Dubai: Free delivery on online shopping orders or food and grocery deliveries ends as UAE suppliers adjust to rising fuel and operating costs. And they’re hoping consumers here can get away with not getting free shipping — or “pay” extra for it.

One of the biggest names in the grocery space has sent notes to its shoppers saying there will be immediate changes to “minimum order” requirements if they still want access to zero shipping. For now, that’s the strategy most suppliers are adopting to offset the steady fuel gains in recent weeks – raise the minimum order. And if consumers still prefer free shipping, they may have to wait longer for delivery, so the retailer can cancel orders.

“The message is clear – if you can afford to offer free shipping, then do it,” said Richard Nicoll, director of strategy and capabilities at consultancy Liquid. “If you can’t, you need to do more of what is necessary to win with the other customer experience fundamentals, especially quality and convenience.”

E-commerce and food delivery sources say it would be difficult to completely remove “zero shipping costs” for consumers in the United Arab Emirates. Plus, there would always be a vendor that would continue to offer this. In the e-commerce space, small and medium shopping platforms cannot afford to lose buyers, especially if their order is entirely determined by whether or not they have to pay shipping costs.

“A survey of Amazon’s shopping preferences in the Middle East found that consumers in the UAE shop online for two main reasons: fast and ‘free’ delivery,” said Soham Chokshi, CEO and co-founder of Shipsy. “Brands are still trying to find ways to continue offering free shipping despite the added cost due to inflation and rising fuel prices.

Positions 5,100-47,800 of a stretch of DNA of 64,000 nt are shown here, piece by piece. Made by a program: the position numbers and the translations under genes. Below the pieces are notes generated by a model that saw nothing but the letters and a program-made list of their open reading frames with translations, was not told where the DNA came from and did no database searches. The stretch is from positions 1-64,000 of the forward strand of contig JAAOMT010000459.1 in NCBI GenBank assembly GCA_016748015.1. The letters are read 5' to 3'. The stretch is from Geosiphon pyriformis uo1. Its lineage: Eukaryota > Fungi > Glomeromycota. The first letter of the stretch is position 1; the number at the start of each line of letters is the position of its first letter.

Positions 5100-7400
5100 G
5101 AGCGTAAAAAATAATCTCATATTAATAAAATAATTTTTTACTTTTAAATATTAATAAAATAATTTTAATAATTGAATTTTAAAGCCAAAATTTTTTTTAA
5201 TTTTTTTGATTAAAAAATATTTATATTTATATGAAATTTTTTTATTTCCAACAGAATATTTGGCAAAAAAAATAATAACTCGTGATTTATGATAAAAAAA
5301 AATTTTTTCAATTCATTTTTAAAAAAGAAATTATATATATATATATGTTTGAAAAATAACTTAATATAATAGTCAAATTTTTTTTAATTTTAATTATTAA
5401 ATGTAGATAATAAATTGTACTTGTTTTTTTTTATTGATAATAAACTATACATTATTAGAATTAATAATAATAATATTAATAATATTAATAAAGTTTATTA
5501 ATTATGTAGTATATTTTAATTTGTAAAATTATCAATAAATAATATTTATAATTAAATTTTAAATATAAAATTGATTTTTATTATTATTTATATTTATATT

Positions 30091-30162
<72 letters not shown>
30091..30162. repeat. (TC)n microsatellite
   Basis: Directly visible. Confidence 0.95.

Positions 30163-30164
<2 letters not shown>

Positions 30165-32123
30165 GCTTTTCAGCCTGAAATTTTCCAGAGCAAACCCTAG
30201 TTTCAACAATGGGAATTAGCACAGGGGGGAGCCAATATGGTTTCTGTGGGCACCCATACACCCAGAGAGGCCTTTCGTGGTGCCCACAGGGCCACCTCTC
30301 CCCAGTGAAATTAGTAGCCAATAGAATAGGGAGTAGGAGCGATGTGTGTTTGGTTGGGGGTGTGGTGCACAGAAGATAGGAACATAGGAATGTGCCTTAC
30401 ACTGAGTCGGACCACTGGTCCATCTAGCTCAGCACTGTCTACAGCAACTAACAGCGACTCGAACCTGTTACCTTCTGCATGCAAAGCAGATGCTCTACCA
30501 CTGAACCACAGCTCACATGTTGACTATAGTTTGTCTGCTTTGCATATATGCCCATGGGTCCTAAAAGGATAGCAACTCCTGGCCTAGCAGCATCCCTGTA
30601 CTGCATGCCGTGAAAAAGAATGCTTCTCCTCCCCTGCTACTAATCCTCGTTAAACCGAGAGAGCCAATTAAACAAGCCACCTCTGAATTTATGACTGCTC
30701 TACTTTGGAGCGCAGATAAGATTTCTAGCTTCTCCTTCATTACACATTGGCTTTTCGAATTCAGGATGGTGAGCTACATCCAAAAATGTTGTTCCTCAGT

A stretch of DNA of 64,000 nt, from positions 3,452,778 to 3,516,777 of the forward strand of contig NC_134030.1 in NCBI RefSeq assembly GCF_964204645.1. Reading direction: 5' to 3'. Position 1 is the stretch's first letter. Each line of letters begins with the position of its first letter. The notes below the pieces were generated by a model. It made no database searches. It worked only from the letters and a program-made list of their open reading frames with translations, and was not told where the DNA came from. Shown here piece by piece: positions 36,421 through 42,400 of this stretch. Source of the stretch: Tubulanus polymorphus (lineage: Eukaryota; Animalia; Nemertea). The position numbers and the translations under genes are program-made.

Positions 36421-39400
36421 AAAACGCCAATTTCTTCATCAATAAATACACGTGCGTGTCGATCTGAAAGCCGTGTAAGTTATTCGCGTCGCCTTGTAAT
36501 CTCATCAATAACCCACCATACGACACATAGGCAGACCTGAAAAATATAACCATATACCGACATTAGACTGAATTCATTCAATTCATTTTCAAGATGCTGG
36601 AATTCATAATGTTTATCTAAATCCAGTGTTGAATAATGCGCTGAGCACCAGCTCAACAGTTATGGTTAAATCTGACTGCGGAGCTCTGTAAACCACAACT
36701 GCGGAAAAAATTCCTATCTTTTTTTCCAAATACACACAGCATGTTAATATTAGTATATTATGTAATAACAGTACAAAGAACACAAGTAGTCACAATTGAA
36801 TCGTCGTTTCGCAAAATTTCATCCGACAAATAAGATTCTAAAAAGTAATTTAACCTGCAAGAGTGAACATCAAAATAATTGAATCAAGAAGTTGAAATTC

“Whether it’s online shopping or delivery companies, almost everyone is finding ways to absorb rising logistics costs. Amazon rolled out an additional 5% fuel and inflation surcharge to third-party sellers who use its fulfillment services towards the end of April. Global transportation giants like UPS and FedEx have increased their fuel surcharge for all services to prepare for rising fuel prices. »

What should this “minimum order” be?

This would vary depending on the seller, and whether it is food or fashion and accessories ordered. The very nature of the F&B business suggests that delivery portals will adjust order sizes so that they don’t lose that deal.

According to Aarohi Surya, co-founder of Yalla Veggie, “One of the key aspects to developing the best delivery strategy for e-commerce businesses in 2022 is getting the delivery price right. Low enough for customers to be prepared to pay and the price must be high enough for businesses to be profitable.

This perfect balance could be difficult to achieve. More so in e-commerce. “Research in the region shows that high shipping costs are a leading cause of shopping cart abandonment,” Surya said. “With our calculation, we found that if the delivery cost increased by even Dh1, a customer’s net order value decreased by 75%, resulting in an overall unsustainable pattern.”

When it comes to online shopping, the average basket size in the UAE is around $150 and online retailers claim that’s a reasonable amount for a minimum order and free shipping.

This is the fine line that businesses must cross.

Change consumer preferences

Any supplier forced to remove free shipping from their options will find that consumer preferences do not change overnight. And right now, “A YouGov survey revealed UAE’s online shopping preferences like same-day delivery, free delivery and ease of returns and refunds,” Nicoll said. “The question is whether this is sustainable for a long-term business. This is difficult for e-commerce, especially with direct-to-consumer models, as well as external factors, such as the significant increase in fuel prices, which will undoubtedly impact operating margins.

For now, the growth of online shopping and F&B/grocery orders has reached consistently high numbers, even taking into account the decline from their 2020 highs. It is a fact that more and more d ubbers in the UAE are turning to the internet for their day-to-day needs, which explains Q-commerce’s rapid growth. (Q-commerce is for orders delivered in less than an hour, or 30 minutes, which is considered the sweet spot.)

So, for both consumers and suppliers, the best interim solution would be to pay more and get free shipping on delivery.